• Its a beta test — EXPECT change.
  • Remember – this is still a beta test. Tsu is working out how best to optimise the platform so that when groups are fully live, then everyone will have a great experience.
    If you have been wondering why your group has not been approved yet, check that the group has a nominated charity and that the admin has accepted your invitation to administer the group. Tsu doesn’t have the resources right now to chase everyone to provide this information. Hopefully the community on Tsu can let everyone know 🙂

Just how valuable are Twitter followers to your small business?

I saw an interesting infographic from Twitter the other day. It tracked the progress of a follow of a promoted tweet. There are some interesting statistics in this infographic which was produced by Twitter in conjunction with Marketprobe International.

73 percent of Twitter users follow a small to medium enterprise (SME) for updates on their products. If you are running a small business it is really important to keep in touch with your customers, and more importantly, your potential customers. keeping in touch with them will turn them into advocates. If they are not ready to buy from you just now, if they like you, they could still pass your message on to other potential customers.

85 percent of tweeters feel more engaged with an SME after following them. They are more likely to favourite your tweet, retweet it or have a direct conversation with you. The personal touch makes them feel much closer to you the brand. Your direct engagement with them will make them more likely to recommend you to others. 82 percent are more likely to recommend an SME they follow to friends.

72 percent of followers are likely to make a purchase after following a company.  Your followers become your advocates. They feel that they have a good relationship with you as an individual and also your brand. The personal touch from an SME makes them  feel more valued so their intent to buy from you is higher.

Here’s the full infographic from @twitterUKI_SME



Eileen Brown is a social media advisor at Amastra, a columnist at ZDNet and author of Working The Crowd: Social Media Marketing for Business. Connect with Eileen on Twitter and or contact her to find out how she can elevate your brand and help your business become more social.

Being happier on social media and make everyone around you feel good

Users take to social media to vent their spleen as soon as a brand stumbles online. There are thousands of examples of complaining users. Last month a blind passenger and his guide dog were removed from a US Airways flight – and the passengers complained across all media channels.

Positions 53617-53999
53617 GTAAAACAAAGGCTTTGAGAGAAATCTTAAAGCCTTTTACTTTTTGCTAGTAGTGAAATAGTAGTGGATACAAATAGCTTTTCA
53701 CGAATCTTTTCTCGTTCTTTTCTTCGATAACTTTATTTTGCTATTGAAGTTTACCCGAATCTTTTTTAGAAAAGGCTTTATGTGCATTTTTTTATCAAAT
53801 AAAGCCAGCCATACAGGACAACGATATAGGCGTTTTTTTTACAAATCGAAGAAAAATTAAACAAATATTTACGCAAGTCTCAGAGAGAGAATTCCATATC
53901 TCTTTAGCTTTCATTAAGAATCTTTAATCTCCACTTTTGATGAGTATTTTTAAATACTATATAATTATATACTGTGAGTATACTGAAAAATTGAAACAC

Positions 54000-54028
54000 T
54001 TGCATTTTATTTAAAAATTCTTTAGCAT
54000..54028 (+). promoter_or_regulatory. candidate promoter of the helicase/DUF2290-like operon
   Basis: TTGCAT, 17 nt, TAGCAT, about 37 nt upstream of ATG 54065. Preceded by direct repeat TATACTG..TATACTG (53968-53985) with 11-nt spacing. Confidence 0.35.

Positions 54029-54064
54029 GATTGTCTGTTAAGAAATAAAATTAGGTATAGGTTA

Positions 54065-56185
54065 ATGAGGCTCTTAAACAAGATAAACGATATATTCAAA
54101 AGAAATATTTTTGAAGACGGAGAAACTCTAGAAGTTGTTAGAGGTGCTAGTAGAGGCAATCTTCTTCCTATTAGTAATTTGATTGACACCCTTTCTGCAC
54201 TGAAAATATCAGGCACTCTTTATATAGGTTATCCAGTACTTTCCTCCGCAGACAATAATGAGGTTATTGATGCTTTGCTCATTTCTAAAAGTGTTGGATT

Users took to complain about the behaviour of the restaurant owners at Amys Baking Company’s social media meltdown after appearing on Remsays Kitchen Nightmares TV show.

We seem to complain about anything on social channels – hoping that the brand will listen to us. Angry tweets get retweeted more often. Sina Weibo analysed over 70million posts from 200,000 users and found that anger elicits faster responses from the largest number of people.

But wouldn’t it be be great if we had an opportunity to be nice from time to time? Good news spreads. Happy, funny items are more likely to get shared – especially if they are about ourselves, a study has found.

Social networking site Happier aims to change our attitude to the negative side of life. The site is filled with things to make you smile and make you feel a little bit better about your day.


Happier is a Boston based company with “a mission to inspire millions of people to be happier in their everyday lives”. Based on research Happier focuses on making people happy. Circuits in our brains light up when we are happy and when we are happy, folks around us become happy too.

Nataly Kogan spent the first 13 years of her life in soviet Russia. The family escaped to Vienna before taking the train to Italy to spend months in a refugee centre. On getting to the US, she tried to “chase the big happy” but found that after 20 years of doing this she wasn’t happy at all. 

Her nirvana moment was realising she was “chasing the non-existent impossible state of happy” and was missing the “small happy moments” that made up her day. Collecting your own positive moments will make you happy.